This is a follow up story to Shannon’s on going grief journey. To read the full back story please click here.
“I’ve noticed in these last weeks, all I can do is just breathe. We can’t go back to change the events that have led us here and we have no magic eight ball to predict the future. Well, we could try but ‘don’t count on it.’ I find myself living in only the present and it’s a place I’ve never been. I have always planned for future holidays, upcoming events, and looking at the planner at the month instead of living day by day, or in my case moment by moment. The future seems to be where my mind was consumed. Now I find myself content in just breathing and being present, that’s all I am really capable of.
This weekend was a big weekend for us as a family. We ventured out from behind our grieving hearts and tired eyes to live a little. My husband and I went out for a night together to hang with friends and enjoy each other’s company, just the two of us. I went from being happy to be there to ready to break down in tears in a matter of seconds. The instant someone or something reminded me of her, I was ready to lose my sh*t.
Let’s face it, everything reminds me of her, and I don’t want to change that. I want to keep those thoughts and memories coming, however in these moments, I must tell myself, ‘Just breathe.’ I take a deep breath, a sip of my wine and scan the room, my husband standing there smiling and laughing, friends surrounding us, great music from a great band and good wine. It’s at this point, I realize I have much to be thankful for and suddenly I’m back living in the moment.
Saturday, we woke up and went to brunch, which is my favorite. At first, I didn’t want to go. I woke up and had my Kinsley moment and I just wanted to stay in my bed. Kinsley always came to brunch with us. Laying there in bed, wiping tears from my face, my husband convinced me to go to brunch with a good spicy bloody mary and sausage gravy. It was a chilly morning and when we walked into the restaurant, I noticed there was a fire was going. It immediately made me feel good. We were all sitting at the table, laughing at Ford. I found myself again just breathing and enjoying those little moments. It is those moments I am most thankful for and look forward to. The day seems to be connected by a bunch of those little moments. The small things that make us smile, even though those smiles are tinged with pain.
Sunday was a busy exhausting day, a day I wasn’t sure I was up for. We took the girls and Ford to the St. Patrick’s Day parade in downtown Annapolis. I got them all dressed in their green and we headed that way. It’s always this bittersweet feeling like a pit in my stomach with partial joy in my heart. In the chaos and noise of the parade, I took a deep breath as I watched my girls smiling and laughing. Ava, of course, looked at my necklace and asked if she could see Kinsley. I leaned down to let her look through the necklace and whispered, ‘See, she is here too.’ The girls find comfort in talking about Kinsley and I love it. We love to tell her stories.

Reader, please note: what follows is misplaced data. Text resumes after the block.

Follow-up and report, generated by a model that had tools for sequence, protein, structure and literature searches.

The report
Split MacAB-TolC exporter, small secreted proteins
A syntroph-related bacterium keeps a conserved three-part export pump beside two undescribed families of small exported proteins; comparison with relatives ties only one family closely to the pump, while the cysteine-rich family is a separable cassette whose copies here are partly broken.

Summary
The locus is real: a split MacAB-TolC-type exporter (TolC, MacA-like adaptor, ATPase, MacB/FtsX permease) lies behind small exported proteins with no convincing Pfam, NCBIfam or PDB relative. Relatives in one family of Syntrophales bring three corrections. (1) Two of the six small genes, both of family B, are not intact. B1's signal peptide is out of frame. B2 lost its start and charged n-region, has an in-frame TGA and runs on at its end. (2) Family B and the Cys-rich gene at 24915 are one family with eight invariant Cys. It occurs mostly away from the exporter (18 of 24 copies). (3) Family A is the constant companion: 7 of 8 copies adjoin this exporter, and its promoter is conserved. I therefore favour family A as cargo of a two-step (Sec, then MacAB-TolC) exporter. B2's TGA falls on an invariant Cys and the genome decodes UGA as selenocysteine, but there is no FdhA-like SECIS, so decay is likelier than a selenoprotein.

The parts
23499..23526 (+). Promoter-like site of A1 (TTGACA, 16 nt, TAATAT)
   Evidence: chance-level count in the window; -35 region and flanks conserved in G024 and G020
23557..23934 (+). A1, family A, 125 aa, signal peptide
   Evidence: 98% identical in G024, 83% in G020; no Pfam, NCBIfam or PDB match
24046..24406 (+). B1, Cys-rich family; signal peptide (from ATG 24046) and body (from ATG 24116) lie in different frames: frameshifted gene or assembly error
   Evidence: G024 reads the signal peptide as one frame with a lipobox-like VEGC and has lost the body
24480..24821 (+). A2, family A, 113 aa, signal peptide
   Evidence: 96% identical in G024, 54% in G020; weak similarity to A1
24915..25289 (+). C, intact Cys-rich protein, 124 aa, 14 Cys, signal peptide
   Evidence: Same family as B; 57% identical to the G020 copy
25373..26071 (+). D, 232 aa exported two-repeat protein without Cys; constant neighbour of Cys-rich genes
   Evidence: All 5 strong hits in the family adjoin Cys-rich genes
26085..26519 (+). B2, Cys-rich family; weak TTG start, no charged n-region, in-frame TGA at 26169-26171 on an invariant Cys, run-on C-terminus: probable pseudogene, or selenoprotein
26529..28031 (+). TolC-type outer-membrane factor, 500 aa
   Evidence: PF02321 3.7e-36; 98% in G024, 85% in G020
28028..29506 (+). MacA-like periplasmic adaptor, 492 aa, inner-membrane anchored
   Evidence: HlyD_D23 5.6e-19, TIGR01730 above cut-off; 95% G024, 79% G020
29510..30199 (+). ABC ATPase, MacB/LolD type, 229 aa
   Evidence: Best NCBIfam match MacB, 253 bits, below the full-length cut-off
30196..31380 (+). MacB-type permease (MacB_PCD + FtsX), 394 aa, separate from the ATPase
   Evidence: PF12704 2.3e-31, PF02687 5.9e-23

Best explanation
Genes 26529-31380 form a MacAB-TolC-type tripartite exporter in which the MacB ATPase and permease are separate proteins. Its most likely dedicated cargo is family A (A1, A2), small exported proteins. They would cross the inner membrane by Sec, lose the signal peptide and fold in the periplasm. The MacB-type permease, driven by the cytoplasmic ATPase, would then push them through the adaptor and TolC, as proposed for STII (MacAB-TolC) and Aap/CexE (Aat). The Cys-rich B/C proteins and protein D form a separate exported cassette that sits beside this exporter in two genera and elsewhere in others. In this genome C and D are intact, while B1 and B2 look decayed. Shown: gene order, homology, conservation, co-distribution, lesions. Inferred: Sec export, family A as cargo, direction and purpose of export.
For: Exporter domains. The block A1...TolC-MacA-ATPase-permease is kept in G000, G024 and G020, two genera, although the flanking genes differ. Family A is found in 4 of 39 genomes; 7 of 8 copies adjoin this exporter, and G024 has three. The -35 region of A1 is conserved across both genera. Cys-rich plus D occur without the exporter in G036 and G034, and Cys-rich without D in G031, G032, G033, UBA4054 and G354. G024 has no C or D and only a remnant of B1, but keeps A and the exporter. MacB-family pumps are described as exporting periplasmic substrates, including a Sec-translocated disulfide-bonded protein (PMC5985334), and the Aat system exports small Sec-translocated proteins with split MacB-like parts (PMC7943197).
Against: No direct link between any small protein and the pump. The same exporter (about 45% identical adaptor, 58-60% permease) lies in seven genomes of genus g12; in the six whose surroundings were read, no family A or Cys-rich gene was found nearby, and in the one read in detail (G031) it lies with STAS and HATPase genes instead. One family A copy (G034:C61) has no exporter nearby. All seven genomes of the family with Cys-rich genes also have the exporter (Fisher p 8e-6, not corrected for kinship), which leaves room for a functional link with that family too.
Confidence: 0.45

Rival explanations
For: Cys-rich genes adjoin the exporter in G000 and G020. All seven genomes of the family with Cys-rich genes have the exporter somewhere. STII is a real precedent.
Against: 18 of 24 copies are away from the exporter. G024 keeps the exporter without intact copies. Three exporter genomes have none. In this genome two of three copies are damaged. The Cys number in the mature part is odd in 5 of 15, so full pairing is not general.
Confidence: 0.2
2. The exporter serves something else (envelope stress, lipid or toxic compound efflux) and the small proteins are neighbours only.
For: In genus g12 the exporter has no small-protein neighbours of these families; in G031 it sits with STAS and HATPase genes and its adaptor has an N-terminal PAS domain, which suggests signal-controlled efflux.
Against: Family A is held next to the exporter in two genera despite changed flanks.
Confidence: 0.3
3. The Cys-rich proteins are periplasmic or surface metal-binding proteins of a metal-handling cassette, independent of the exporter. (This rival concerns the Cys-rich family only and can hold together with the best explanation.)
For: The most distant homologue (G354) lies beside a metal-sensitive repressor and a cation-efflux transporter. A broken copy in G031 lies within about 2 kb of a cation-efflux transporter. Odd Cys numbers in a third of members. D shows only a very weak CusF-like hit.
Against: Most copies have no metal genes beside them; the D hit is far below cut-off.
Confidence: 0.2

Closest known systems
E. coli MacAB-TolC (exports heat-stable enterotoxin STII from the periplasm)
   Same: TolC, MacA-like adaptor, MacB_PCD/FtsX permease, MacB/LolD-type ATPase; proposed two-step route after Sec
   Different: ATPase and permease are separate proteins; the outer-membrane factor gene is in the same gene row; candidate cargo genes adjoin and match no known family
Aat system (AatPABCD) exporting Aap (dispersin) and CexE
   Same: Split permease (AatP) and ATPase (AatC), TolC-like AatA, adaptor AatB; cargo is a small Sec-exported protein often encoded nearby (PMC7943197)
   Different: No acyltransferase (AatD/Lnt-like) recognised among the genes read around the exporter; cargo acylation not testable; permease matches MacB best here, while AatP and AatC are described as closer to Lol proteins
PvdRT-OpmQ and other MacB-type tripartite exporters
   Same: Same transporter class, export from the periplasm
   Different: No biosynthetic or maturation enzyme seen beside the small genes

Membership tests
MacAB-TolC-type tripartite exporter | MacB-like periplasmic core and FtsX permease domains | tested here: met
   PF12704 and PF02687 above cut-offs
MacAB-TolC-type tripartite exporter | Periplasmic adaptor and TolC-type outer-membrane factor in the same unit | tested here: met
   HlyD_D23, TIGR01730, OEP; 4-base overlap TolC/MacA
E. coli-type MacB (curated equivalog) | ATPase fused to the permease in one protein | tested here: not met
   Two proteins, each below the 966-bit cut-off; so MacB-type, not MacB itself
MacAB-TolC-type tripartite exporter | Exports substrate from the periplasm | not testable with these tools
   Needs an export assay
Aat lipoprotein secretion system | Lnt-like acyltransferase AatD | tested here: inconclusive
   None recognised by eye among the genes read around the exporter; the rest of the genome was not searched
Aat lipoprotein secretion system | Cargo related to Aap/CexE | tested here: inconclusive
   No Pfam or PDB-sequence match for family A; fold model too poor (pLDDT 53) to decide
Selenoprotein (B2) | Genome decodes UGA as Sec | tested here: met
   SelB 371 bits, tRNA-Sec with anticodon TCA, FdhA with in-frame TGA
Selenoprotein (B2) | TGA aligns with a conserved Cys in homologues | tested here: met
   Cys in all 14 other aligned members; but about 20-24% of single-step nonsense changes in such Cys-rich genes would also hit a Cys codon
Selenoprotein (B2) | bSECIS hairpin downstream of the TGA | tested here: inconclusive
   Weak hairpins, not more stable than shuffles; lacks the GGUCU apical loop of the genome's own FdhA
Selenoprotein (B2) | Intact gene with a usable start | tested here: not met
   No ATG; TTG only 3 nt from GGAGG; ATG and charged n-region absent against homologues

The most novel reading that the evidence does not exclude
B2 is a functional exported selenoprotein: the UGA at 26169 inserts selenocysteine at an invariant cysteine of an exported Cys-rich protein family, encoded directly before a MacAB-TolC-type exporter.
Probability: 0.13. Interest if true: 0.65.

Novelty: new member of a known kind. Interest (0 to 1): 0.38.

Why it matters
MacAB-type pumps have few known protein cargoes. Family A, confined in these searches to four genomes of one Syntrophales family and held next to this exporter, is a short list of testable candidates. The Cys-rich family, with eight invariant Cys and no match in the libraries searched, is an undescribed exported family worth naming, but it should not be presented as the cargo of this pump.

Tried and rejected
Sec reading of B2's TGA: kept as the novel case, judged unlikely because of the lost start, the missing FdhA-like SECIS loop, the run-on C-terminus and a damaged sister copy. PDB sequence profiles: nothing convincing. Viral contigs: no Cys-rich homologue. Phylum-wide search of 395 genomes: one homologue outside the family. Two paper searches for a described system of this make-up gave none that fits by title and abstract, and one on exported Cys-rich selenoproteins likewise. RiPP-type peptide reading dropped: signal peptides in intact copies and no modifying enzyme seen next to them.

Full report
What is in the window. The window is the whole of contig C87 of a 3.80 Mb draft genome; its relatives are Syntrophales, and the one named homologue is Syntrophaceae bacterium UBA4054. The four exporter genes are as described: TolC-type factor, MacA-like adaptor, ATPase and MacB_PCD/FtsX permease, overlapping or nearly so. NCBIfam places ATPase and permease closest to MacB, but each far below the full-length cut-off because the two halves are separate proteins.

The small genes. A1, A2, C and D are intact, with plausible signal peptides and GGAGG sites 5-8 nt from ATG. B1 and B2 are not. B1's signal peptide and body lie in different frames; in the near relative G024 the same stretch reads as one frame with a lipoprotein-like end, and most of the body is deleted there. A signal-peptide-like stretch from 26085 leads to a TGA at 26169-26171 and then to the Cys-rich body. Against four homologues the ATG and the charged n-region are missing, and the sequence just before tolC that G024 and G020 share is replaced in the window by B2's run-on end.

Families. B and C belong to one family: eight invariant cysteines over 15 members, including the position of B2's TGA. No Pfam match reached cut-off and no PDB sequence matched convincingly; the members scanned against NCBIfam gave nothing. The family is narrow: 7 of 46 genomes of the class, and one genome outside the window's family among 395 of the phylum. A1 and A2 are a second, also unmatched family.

Later that afternoon, we were eating at a restaurant on the water with all our friends and their families. I stood at the picnic table when a wave of tears came flooding as I watched our kids on the playground overlooking the water, the warm sun beating down on my back, with the cool breeze on my face, remembering the last time we were here was with Kinsley. I could just picture her, playing and taking care of her baby brother.
Ava came from the playground, upset another little girl called her stupid. Emmry said, ‘Where’s Kinsley when we need her?’ Ava replied with, ‘Yeah, Kinsley always stood up for me.’ That is exactly right, yes, she did. She would have handled that without even telling us. We all giggled, and at that moment, I took a breath. While it was sad, I was so grateful. I was grateful for the memories of her and the time we did have with her. I was happy our girls will always remember her and will always talk about her. I appreciate the laughs and smiles Kinsley still brings us. When you are thankful, it is hard to be sad at the same time.
Driving home that evening, the sun was setting and it was the most beautiful sunset I think I have seen. It was purple and red, looked like watercolors painted the sky. It was breathtakingly gorgeous. I have noticed sunsets before, picturesque views of the water but they feel different now. Everything does. I rode in silence, with tears in my eyes, looking at the sunset, reminiscing on events of the weekend, my superstar angel and all I could do was ‘just breathe.’
We cannot change what was. We certainly are not guaranteed tomorrow, but what we do have is something better: it’s right now. Just breathe, take it all in and enjoy those moments.”
This story was submitted to Love What Matters by Shannon Sandvik. Follow her journey on her website here and Instagram here. Do you have a similar experience? We’d like to hear your important journey. Submit your own story here. Be sure to subscribe to our free email newsletter for our best stories, and YouTube for our best videos.
Read more stories from Shannon here:
‘Her eyes looked up at me in panic. ‘Mommy, it’s blood.’ We were just in the ER and everything said she was fine. My stomach about hit the floor.’: Family says goodbye to their ‘forever Valentine’ after battle with flu
‘We were at dinner when I said, ‘Hell, give me another drink. I may take up smoking too.’ Kinsley was as healthy as a horse and in a week span, she was dead.’: Mom loses daughter unexpectedly to flu
‘She constantly pissed us off. Lord, did she stir up drama. Now, I’m pissed there will always be an empty seat. The family dynamic has been rocked.’: Mom continues to make memories after daughter’s passing, ‘We are going to find something to smile about’
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